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Smoking within the Household: Spousal Peer Effects and Children's Health Implications

  • Canta, Chiara
  • Dubois, Pierre

This paper studies spousal peer effects on the smoking behaviour and their implication for the health of children through passive smoking. Smoking decisions are modeled as equilibrium strategies of an incomplete information game within the couple. Using data from the French Health Survey 2002-2003, we identify two distinct effects linked to spousal behaviour: a smoking enhancing effect of smoking partners and a smoking deterring effect of non smoking partners. On the one hand, having a smoking partner might make smoking more valuable because of the possibility of smoking together. On the other hand, having a non smoking partner might reduce the utility of smoking because the smoker partially internalises the nuisance imposed on the partner. An implication of these findings is that the smoking behaviour could differ qualitatively in couples in which both partners smoke and in which just one partner smokes. This interpretation is supported by our finding that the respiratory health of children is negatively affected only if both parents smoke.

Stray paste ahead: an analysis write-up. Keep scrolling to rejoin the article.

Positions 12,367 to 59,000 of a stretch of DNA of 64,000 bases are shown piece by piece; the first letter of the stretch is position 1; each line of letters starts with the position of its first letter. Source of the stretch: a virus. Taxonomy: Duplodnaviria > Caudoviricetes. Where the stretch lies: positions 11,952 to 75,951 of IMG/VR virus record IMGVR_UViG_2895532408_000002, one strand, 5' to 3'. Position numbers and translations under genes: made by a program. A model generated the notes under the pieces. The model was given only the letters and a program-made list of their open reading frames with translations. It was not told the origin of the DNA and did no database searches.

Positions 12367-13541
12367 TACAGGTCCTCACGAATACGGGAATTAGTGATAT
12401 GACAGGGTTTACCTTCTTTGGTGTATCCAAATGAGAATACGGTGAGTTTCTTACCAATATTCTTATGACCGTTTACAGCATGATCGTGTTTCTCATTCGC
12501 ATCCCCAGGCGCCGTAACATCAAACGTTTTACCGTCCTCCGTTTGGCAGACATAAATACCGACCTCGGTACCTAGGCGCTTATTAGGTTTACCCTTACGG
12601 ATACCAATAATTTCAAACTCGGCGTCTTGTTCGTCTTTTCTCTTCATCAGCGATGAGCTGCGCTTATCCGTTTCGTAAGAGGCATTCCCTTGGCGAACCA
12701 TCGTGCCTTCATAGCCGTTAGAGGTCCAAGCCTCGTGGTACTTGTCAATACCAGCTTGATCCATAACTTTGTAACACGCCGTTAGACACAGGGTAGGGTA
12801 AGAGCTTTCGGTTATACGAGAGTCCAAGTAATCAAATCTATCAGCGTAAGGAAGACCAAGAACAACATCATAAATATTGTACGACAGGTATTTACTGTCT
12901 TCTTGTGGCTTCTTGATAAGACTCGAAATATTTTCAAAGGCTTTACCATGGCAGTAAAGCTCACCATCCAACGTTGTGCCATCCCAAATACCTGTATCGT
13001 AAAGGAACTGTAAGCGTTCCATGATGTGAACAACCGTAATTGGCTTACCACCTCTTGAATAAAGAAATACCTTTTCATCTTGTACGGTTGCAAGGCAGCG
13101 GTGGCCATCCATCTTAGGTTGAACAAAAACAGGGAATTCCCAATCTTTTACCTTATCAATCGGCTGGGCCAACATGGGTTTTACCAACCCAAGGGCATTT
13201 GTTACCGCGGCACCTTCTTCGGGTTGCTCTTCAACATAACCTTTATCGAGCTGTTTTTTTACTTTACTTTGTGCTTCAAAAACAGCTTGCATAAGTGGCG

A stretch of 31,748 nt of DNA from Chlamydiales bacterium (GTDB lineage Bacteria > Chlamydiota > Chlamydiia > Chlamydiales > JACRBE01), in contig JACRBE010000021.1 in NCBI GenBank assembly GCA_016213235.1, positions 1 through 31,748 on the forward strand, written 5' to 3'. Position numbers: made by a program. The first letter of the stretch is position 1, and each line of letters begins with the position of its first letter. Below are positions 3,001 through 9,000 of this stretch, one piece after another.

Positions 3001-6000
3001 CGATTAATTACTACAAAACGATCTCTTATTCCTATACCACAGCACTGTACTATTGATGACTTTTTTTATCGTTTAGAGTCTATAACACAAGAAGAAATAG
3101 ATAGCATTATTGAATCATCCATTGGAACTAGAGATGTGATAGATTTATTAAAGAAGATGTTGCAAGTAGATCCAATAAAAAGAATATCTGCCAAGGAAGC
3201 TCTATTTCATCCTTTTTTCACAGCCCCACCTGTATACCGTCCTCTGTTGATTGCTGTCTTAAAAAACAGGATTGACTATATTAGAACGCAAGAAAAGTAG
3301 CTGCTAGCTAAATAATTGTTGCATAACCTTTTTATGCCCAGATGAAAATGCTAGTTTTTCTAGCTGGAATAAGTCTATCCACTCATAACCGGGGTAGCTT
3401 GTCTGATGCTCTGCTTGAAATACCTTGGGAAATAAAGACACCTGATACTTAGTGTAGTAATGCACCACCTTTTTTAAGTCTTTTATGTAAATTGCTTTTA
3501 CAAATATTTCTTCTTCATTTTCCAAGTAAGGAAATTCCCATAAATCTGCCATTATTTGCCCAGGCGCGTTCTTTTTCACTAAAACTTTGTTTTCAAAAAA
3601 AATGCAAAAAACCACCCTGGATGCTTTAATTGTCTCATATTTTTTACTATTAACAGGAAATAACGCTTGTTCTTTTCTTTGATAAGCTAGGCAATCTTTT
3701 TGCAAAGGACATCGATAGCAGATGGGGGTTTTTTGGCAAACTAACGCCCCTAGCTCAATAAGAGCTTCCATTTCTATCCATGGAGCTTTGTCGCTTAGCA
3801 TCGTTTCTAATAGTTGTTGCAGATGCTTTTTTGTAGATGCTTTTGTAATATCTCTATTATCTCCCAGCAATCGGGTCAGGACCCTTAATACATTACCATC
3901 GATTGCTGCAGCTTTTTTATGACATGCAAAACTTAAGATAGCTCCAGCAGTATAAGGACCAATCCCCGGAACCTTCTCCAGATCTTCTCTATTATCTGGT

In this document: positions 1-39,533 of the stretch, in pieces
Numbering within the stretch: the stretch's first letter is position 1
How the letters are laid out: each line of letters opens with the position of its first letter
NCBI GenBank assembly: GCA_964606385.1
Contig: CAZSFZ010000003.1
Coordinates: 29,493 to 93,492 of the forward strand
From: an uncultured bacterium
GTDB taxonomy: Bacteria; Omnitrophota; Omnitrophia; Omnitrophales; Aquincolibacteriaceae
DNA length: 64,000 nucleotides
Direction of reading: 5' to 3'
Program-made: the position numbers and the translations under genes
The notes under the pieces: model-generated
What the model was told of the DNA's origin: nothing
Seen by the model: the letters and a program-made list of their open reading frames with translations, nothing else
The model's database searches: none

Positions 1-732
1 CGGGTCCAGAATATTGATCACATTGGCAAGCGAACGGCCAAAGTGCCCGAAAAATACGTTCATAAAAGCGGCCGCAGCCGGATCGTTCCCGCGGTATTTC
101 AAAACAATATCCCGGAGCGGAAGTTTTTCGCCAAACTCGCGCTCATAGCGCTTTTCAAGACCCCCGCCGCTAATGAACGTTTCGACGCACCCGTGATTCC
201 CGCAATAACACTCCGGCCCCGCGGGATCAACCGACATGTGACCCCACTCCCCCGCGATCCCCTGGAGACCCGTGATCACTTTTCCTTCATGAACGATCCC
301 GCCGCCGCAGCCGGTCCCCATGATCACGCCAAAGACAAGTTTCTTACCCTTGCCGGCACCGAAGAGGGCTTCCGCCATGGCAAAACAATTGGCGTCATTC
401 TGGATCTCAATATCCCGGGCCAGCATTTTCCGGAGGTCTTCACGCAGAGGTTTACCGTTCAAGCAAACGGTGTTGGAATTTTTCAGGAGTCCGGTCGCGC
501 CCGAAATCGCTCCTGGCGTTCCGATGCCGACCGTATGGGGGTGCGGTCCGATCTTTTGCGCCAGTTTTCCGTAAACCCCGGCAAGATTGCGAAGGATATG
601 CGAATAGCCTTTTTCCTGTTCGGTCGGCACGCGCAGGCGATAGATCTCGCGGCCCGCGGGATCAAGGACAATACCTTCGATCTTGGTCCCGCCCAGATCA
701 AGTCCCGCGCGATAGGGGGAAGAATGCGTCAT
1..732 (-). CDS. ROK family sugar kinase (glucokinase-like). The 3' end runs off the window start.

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Paper provided by Toulouse School of Economics (TSE) in its series TSE Working Papers with number 11-260.

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Date of creation: Oct 2011
Date of revision: Jan 2014
Publication status: Published in The B. E. Journal of Economic Analysis & Policy (Advances), 2015.
Handle: RePEc:tse:wpaper:25234
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  1. Jones, Andrew M., 1994. "Health, addiction, social interaction and the decision to quit smoking," Journal of Health Economics, Elsevier, vol. 13(1), pages 93-110, March.
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  16. Donald S. Kenkel & Joseph V. Terza, 2001. "The effect of physician advice on alcohol consumption: count regression with an endogenous treatment effect," Journal of Applied Econometrics, John Wiley & Sons, Ltd., vol. 16(2), pages 165-184.
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